I thought it was Game of Thrones, but this is definitely the weakest Telltale release. I don't mind that this is geared for children, but the thing that makes Telltale games work is difficult choices. I felt all the decisions in this game were pretty obvious and didn't have broad ramifications. Also, when you have Patton Oswald and Pee Wee Herman as your lead voice actors, you'd think there'd be a bit more room for comic hijinx. Alas, this is not the case.
My primary gaming device these days. Technically any computer can be called a "PC" but this category is specifically for Windows/MS-DOS based games.
Witcher 3 is a massive open world RPG that's full of detail in terms of visuals and story. It's was no surprise that it would take weeks for me to finish. As of right now GOG is telling me that I spent 100 hours to complete the main story line and I still have two expansions to complete. There's just so much to explore and do.
The sequel to Shadowgrounds doesn't offer much new. There's the same aliens, same corny voice acting, and the same top-down shooting mechanics. However, I liked this one a bit more. This is probably due to the slightly improved control scheme. I also think the game was helped by the lack of an attempt at creating deep narrative.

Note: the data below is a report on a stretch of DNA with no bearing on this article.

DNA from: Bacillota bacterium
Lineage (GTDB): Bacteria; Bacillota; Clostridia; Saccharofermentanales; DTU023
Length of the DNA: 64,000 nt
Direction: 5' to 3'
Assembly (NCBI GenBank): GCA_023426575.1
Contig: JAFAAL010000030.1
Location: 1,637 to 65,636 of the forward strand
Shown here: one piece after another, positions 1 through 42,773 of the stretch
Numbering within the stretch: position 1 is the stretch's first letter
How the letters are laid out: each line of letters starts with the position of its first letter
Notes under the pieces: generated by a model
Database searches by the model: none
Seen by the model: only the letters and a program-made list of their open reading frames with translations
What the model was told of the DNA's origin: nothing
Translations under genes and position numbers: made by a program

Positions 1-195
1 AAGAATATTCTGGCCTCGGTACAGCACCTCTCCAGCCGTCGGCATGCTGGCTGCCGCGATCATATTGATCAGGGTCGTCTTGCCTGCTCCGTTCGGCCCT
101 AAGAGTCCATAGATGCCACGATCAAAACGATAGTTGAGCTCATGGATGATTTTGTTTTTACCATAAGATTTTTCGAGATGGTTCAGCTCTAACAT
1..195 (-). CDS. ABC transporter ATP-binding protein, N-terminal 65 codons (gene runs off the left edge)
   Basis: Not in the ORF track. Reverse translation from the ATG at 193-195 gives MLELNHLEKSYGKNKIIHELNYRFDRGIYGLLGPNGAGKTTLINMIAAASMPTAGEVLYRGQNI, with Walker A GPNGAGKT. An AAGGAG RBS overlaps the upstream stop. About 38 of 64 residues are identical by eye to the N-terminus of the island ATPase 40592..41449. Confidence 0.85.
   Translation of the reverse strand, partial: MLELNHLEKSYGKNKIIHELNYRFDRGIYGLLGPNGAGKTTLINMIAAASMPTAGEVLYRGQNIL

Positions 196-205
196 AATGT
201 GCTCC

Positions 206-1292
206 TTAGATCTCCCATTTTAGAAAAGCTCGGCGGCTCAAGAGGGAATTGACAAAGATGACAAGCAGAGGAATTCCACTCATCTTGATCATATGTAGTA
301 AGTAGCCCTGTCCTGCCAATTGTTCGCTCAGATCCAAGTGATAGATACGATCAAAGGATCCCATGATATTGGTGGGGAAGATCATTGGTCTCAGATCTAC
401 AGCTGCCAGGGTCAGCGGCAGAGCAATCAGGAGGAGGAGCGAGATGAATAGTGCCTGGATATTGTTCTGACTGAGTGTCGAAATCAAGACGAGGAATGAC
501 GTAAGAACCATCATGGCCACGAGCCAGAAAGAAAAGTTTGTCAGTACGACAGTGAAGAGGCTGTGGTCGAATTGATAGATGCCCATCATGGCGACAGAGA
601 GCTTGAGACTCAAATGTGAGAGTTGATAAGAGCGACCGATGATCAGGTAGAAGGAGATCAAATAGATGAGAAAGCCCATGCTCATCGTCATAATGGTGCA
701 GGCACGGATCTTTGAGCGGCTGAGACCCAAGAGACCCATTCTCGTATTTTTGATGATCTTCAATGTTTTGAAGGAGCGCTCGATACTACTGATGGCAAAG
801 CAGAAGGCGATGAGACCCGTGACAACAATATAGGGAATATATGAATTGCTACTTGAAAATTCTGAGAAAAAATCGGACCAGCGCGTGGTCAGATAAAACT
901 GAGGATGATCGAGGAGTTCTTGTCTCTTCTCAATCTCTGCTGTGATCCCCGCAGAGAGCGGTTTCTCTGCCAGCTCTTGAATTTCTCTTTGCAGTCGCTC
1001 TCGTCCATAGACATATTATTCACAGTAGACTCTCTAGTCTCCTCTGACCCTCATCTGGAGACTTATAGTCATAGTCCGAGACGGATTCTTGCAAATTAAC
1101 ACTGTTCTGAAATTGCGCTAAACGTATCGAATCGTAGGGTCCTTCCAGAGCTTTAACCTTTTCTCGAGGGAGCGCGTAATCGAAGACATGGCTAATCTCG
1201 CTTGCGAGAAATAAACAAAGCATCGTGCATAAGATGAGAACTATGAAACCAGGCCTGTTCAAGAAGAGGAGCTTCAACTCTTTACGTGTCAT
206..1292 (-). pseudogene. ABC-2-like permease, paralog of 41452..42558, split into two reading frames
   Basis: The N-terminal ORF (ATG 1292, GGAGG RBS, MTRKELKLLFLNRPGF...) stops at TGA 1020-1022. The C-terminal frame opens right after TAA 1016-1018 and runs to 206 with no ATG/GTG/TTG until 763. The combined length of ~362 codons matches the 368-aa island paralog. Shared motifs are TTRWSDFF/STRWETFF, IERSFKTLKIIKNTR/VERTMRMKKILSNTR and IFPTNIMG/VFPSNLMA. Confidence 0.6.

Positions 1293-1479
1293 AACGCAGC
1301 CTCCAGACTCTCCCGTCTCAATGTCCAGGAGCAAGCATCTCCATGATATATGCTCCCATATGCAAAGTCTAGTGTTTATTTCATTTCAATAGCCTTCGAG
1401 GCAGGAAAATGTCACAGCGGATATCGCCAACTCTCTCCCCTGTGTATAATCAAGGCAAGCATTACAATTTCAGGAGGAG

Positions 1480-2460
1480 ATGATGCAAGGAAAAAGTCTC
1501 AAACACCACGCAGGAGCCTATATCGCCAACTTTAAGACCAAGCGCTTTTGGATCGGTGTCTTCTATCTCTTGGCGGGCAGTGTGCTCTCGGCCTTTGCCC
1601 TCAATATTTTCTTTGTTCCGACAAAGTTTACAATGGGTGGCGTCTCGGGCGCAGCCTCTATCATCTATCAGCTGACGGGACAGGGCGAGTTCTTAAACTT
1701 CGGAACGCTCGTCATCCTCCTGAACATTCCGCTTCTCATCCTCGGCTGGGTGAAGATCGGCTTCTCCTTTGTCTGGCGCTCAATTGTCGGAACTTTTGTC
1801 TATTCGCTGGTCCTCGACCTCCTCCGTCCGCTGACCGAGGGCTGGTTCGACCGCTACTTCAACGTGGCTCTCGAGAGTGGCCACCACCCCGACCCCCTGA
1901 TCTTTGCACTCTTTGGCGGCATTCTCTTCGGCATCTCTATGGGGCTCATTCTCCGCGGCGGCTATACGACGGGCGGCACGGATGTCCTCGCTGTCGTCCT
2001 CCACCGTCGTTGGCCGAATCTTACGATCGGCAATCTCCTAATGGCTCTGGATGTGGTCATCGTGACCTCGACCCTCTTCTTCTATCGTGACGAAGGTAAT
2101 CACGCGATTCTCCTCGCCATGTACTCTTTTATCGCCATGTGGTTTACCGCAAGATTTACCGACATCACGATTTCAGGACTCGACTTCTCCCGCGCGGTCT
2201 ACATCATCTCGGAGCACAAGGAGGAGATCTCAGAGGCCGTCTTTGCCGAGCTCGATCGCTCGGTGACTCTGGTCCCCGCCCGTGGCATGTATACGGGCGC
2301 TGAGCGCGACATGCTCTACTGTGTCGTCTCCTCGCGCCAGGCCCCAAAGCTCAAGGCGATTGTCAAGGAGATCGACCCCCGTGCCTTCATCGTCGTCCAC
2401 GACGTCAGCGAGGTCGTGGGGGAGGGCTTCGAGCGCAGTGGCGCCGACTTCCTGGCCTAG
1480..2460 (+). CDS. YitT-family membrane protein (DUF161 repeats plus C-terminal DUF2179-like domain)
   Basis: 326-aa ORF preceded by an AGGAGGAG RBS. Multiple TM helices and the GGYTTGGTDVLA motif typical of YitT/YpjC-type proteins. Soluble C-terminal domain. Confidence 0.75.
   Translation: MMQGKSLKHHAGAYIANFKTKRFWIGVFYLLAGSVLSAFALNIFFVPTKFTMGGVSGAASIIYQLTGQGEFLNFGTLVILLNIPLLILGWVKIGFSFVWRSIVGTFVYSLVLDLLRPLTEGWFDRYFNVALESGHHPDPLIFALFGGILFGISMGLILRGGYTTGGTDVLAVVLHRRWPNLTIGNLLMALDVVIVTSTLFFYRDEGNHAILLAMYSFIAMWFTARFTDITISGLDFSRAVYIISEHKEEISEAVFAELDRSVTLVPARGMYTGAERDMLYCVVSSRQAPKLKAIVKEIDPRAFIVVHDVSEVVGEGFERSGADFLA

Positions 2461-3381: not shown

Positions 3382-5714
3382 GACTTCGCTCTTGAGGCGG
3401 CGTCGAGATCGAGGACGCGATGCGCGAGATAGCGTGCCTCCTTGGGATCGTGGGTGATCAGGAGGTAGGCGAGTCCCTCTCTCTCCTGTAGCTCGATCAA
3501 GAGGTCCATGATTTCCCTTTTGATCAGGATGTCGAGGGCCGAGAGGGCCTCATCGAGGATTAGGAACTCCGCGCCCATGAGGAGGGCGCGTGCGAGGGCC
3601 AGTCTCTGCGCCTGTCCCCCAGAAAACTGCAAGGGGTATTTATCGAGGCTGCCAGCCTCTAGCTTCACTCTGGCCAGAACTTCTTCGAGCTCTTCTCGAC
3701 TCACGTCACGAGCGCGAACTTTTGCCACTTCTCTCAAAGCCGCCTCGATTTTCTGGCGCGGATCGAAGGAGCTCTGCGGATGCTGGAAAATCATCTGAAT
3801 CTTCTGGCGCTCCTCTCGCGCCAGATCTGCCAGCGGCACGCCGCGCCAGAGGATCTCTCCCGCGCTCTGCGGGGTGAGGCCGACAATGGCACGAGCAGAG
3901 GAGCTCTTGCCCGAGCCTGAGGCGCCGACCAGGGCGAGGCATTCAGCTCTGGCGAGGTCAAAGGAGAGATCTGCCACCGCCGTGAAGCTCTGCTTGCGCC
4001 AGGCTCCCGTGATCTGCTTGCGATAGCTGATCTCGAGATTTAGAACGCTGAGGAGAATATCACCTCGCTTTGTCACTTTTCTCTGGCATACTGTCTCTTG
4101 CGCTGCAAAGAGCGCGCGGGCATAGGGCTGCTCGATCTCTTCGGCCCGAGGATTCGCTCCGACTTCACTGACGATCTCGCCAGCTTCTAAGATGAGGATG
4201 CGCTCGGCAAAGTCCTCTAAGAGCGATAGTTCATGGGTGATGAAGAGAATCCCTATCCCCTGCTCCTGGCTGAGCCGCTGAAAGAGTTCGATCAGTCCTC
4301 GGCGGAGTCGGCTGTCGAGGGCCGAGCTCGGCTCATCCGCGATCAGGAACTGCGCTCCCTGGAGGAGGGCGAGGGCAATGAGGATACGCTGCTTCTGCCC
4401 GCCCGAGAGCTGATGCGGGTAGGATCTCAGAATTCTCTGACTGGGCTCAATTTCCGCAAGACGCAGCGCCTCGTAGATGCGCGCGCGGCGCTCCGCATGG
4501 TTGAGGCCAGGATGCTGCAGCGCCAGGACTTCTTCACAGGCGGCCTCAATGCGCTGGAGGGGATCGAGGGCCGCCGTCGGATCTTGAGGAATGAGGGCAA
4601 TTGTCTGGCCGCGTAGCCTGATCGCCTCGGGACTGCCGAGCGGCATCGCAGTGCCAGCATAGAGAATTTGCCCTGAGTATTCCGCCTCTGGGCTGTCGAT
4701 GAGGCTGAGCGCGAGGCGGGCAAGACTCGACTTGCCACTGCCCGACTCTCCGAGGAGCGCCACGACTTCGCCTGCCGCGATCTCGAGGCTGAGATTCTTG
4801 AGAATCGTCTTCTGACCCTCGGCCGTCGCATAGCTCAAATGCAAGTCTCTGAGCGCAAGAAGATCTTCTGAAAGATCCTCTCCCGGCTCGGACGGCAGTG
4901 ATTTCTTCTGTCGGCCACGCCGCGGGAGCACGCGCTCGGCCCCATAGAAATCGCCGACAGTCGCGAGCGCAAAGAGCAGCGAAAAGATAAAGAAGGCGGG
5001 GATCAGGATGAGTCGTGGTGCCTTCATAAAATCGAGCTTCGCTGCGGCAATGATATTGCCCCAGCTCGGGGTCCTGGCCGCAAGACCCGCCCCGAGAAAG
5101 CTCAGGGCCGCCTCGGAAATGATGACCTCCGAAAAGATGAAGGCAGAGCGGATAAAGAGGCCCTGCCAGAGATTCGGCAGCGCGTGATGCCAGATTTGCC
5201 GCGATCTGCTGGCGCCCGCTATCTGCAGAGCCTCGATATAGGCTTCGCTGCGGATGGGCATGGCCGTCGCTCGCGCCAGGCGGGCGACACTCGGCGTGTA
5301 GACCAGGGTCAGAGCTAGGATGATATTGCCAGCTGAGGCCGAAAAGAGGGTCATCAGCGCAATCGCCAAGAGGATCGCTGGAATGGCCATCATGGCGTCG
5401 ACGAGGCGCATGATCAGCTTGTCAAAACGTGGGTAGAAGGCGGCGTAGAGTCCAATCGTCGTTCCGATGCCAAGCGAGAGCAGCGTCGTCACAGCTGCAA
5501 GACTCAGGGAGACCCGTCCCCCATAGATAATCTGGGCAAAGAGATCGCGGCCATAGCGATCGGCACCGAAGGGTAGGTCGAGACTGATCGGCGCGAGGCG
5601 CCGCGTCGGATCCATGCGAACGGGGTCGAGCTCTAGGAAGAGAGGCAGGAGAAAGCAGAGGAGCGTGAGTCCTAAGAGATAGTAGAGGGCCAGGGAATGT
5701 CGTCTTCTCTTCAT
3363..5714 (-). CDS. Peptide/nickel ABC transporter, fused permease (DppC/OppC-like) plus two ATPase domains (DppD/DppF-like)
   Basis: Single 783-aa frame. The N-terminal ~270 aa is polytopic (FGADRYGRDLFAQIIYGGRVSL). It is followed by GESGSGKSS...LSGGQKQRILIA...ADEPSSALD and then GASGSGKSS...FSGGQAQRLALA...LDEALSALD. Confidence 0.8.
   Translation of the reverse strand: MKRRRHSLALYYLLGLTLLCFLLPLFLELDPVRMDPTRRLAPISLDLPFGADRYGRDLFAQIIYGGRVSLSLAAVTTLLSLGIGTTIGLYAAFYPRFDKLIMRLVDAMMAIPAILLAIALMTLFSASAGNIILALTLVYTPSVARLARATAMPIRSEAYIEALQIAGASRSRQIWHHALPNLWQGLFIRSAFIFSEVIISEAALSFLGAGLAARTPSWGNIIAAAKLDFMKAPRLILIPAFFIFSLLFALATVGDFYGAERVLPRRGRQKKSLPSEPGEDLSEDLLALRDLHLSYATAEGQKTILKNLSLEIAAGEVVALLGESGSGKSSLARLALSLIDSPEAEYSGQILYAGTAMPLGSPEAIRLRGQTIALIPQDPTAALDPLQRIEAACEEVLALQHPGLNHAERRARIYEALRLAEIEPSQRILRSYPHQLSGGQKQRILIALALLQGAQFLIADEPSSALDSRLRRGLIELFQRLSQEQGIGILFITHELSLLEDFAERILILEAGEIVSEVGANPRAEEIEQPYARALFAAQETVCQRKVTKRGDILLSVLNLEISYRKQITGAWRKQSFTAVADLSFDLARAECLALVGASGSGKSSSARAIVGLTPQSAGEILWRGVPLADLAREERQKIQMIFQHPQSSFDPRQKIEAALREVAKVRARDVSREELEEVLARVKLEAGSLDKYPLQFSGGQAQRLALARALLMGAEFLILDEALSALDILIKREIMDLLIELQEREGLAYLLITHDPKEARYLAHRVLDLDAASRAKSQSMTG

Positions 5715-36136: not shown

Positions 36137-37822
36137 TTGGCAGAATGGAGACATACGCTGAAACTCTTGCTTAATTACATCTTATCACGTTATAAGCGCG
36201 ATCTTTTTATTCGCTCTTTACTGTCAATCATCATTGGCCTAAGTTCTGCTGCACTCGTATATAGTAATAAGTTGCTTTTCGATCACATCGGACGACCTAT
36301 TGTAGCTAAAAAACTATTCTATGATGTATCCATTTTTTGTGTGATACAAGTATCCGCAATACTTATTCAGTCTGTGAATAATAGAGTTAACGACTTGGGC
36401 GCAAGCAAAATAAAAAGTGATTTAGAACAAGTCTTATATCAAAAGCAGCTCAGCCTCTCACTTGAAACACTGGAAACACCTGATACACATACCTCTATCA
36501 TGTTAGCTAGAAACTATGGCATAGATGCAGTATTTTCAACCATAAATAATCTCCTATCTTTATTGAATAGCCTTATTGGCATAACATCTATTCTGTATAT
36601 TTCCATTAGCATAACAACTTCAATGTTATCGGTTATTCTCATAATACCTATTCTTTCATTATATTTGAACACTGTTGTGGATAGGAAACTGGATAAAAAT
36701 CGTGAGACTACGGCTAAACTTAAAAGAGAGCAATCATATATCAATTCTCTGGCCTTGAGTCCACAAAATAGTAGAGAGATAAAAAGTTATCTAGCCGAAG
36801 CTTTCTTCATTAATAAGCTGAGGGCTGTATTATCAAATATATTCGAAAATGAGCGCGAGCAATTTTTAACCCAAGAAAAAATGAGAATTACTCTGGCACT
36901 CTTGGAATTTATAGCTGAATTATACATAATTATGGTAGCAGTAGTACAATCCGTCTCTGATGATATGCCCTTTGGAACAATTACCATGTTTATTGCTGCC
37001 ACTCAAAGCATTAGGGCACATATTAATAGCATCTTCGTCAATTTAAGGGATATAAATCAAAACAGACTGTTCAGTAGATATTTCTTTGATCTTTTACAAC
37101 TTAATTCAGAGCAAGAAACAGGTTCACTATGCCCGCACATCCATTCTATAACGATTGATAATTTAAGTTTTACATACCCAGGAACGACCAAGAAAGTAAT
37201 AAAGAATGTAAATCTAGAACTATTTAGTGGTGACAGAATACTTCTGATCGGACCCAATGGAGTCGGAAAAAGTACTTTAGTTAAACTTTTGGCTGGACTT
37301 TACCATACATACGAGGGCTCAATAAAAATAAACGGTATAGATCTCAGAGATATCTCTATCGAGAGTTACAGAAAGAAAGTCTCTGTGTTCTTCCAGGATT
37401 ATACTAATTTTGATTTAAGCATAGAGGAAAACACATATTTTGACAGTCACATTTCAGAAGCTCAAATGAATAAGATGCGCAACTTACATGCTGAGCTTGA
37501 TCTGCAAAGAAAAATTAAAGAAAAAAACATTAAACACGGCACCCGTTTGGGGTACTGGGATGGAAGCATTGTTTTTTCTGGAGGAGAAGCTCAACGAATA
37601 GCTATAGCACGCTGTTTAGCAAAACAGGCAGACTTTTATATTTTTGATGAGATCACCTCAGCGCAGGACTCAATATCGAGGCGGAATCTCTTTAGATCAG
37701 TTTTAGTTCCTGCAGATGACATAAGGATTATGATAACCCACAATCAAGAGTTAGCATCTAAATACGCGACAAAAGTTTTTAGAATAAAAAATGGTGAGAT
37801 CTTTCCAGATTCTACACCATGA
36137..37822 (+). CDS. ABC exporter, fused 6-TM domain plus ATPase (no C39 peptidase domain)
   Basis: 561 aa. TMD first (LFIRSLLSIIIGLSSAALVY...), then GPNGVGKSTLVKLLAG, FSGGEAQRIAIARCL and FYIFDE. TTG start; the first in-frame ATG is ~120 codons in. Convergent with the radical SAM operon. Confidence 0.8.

Life is Strange uses the same branching story game play as Telltale's games. The twist here is that your character has the power to reverse time and undo choices. There are a handful of puzzles that require some creative time shifting but the reality of this mechanic is that it is simply an alternative to using a quick-save.
The first F.E.A.R. game did a really good job of building up the tension to provide creepy scares and atmosphere. This one is just an in-your-face string of loud, quick cuts of Alma that fire off with such regularity that they just become part of the background noise of the game. This background noise also includes the multitude of text info items you pick up and never need to read. So, as far as a horror story goes, this wasn't so great. I didn't really know or care about what was going on.
Kathy Rain is a point and click adventure which uses the same AGS engine that all the games from Wadjet Eye games use. Visually it's as impressive as the best games in this niche. The Wadjet connection goes a little further in that all the voice over direction was done by Dave Gilbert. Unlike his games, here there is no commentary track filled with gushing praise of New York based voice actors. Thank goodness.